News from Ephesus
About this articleThis activity from the World Religions teaching manual challenges students to create a contemporary newscast about the riots of the silversmiths in Ephesus as described in chapter 19 of the Acts of the Apostles.
The student text points out that Christians in the Roman Empire were often in conflict with the Roman state over their refusal to worship the emperor. In the Acts of the Apostles, Luke tells a story in which Christians come into conflict with non-Christian Romans owing to the Christians' belief in only one God and the Romans' economic interest in making and selling images of the Roman gods. In this activity the students can explore the reality of the conflict between such different belief systems in a way that is both fun and enlightening.
The story of the riot of the silversmiths at Ephesus (Acts 19:23–41) has a contemporary ring to it. One way to promote the story's modern feel is to treat it as if it actually were a contemporary event. The students' job is to produce a classroom newscast about the event.
You will need to assign the following roles to the students:
- news reporters and analysts (number may vary)
- Demetrius, a silversmith
- Gaius, Aristarchus, and Alexander (Paul's companions)
- the town clerk and various other officials
- bystanders (for person-in-the-street interviews)
The newscast should include the following elements:
- a detailed retelling of the event, based on the account in Acts of the Apostles
- interviews with the principal participants: Demetrius, Alexander, the town clerk (The account in Acts of the Apostles seems to indicate that Paul himself might have been "unavailable for comment" afterward. The students can make that decision.)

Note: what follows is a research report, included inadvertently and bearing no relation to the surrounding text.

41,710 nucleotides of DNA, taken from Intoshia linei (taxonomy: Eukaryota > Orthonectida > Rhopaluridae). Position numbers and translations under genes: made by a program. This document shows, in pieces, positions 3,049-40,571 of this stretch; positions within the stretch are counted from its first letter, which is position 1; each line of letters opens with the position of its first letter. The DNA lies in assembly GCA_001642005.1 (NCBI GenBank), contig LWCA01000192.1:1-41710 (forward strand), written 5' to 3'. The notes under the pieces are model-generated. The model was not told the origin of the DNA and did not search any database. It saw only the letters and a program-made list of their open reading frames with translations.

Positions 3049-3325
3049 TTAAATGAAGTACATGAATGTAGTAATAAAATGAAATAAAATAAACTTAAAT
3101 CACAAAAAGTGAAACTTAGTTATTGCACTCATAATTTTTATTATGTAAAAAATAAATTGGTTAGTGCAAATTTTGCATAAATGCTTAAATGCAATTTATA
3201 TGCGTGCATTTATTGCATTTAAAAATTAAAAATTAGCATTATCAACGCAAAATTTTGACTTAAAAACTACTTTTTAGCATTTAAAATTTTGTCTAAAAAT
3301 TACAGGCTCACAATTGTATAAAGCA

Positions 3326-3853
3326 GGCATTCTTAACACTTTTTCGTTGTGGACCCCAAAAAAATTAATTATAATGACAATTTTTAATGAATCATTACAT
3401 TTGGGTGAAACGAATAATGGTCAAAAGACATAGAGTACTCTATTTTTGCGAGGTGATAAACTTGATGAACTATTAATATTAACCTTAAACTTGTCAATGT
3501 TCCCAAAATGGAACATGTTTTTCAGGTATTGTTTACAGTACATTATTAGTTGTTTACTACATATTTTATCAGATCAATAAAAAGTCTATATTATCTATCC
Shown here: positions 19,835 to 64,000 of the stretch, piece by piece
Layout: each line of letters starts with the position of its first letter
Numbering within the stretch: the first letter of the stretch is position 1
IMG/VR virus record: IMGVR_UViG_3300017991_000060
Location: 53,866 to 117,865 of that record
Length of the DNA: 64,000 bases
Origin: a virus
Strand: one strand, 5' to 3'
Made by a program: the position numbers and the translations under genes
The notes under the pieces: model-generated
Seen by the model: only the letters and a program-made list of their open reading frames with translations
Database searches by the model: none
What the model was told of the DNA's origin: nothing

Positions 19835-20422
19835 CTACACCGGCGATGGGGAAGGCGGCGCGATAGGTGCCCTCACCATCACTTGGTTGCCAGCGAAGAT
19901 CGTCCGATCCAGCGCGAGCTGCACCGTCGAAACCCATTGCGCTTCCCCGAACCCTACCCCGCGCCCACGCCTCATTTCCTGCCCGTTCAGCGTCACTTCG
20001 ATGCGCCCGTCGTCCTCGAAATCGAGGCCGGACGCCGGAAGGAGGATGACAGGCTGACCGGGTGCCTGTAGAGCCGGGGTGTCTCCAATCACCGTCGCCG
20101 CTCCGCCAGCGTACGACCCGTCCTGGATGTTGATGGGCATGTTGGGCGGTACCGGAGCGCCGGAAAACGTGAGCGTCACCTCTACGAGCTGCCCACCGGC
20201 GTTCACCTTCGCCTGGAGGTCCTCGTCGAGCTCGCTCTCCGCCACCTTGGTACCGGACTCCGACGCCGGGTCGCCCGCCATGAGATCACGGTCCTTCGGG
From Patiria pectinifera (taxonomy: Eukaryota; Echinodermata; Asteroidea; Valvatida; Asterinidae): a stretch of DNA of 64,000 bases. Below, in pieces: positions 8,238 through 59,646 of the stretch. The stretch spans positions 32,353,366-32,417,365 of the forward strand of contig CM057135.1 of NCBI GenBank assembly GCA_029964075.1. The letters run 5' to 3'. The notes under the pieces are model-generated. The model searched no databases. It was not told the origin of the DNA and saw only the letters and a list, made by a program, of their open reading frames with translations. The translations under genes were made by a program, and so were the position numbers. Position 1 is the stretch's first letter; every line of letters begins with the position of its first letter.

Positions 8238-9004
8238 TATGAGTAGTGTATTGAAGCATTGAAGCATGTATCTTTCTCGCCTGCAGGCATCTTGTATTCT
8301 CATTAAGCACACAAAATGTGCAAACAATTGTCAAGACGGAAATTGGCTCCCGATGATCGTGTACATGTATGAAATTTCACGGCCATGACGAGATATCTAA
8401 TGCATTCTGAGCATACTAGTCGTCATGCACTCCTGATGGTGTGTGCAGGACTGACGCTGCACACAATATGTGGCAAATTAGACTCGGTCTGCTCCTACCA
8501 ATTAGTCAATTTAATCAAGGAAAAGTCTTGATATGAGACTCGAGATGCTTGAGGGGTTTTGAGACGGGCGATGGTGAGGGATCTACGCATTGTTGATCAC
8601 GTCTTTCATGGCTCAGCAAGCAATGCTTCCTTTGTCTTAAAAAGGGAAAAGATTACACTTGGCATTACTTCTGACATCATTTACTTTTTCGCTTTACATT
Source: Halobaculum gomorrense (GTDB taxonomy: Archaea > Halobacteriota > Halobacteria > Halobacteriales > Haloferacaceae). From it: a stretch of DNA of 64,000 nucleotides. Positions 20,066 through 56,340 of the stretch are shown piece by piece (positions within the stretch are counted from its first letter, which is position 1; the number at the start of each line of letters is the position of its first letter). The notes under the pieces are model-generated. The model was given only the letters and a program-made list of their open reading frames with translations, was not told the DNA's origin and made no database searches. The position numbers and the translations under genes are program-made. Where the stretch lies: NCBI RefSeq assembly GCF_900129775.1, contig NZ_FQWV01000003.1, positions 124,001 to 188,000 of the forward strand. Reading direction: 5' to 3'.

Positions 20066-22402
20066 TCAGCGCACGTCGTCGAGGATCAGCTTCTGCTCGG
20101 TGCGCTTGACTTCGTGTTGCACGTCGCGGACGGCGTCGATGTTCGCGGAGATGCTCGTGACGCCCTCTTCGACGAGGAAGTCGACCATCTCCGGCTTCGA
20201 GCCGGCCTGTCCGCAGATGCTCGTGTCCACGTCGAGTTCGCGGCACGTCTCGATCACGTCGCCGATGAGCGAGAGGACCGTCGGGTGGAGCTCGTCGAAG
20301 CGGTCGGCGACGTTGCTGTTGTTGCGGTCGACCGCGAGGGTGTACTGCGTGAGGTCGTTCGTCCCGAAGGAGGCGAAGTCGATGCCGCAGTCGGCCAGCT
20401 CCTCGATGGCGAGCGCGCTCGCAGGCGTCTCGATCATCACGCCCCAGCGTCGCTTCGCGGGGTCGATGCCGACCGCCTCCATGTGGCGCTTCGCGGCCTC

- interviews with secondary participants: Gaius or Aristarchus, other officials, bystanders
- news analysis: commentary by "experts" regarding the issues behind the uproar (religion, economics, conflict resolution)
The participants should feel free to mention any current events that might be comparable to the conflict at Ephesus. The idea is not to pretend to be living in the first century but to see this first-century event in a modern context.
The riot at Ephesus was a challenge to the status quo. As the students develop their newscast, be sure that they keep questions such as these in mind:
- What are some groups that through demonstrations or other public protests challenge popular ways of thinking and often cause people to get angry?
- What sort of economic motives make people want to protect the status quo?
- Do you think economic concerns should stand in the way of preaching about one's religion?
- Do you think concern for the religion of another should stand in the way of preaching about one's own religion?
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Published September 7, 2001.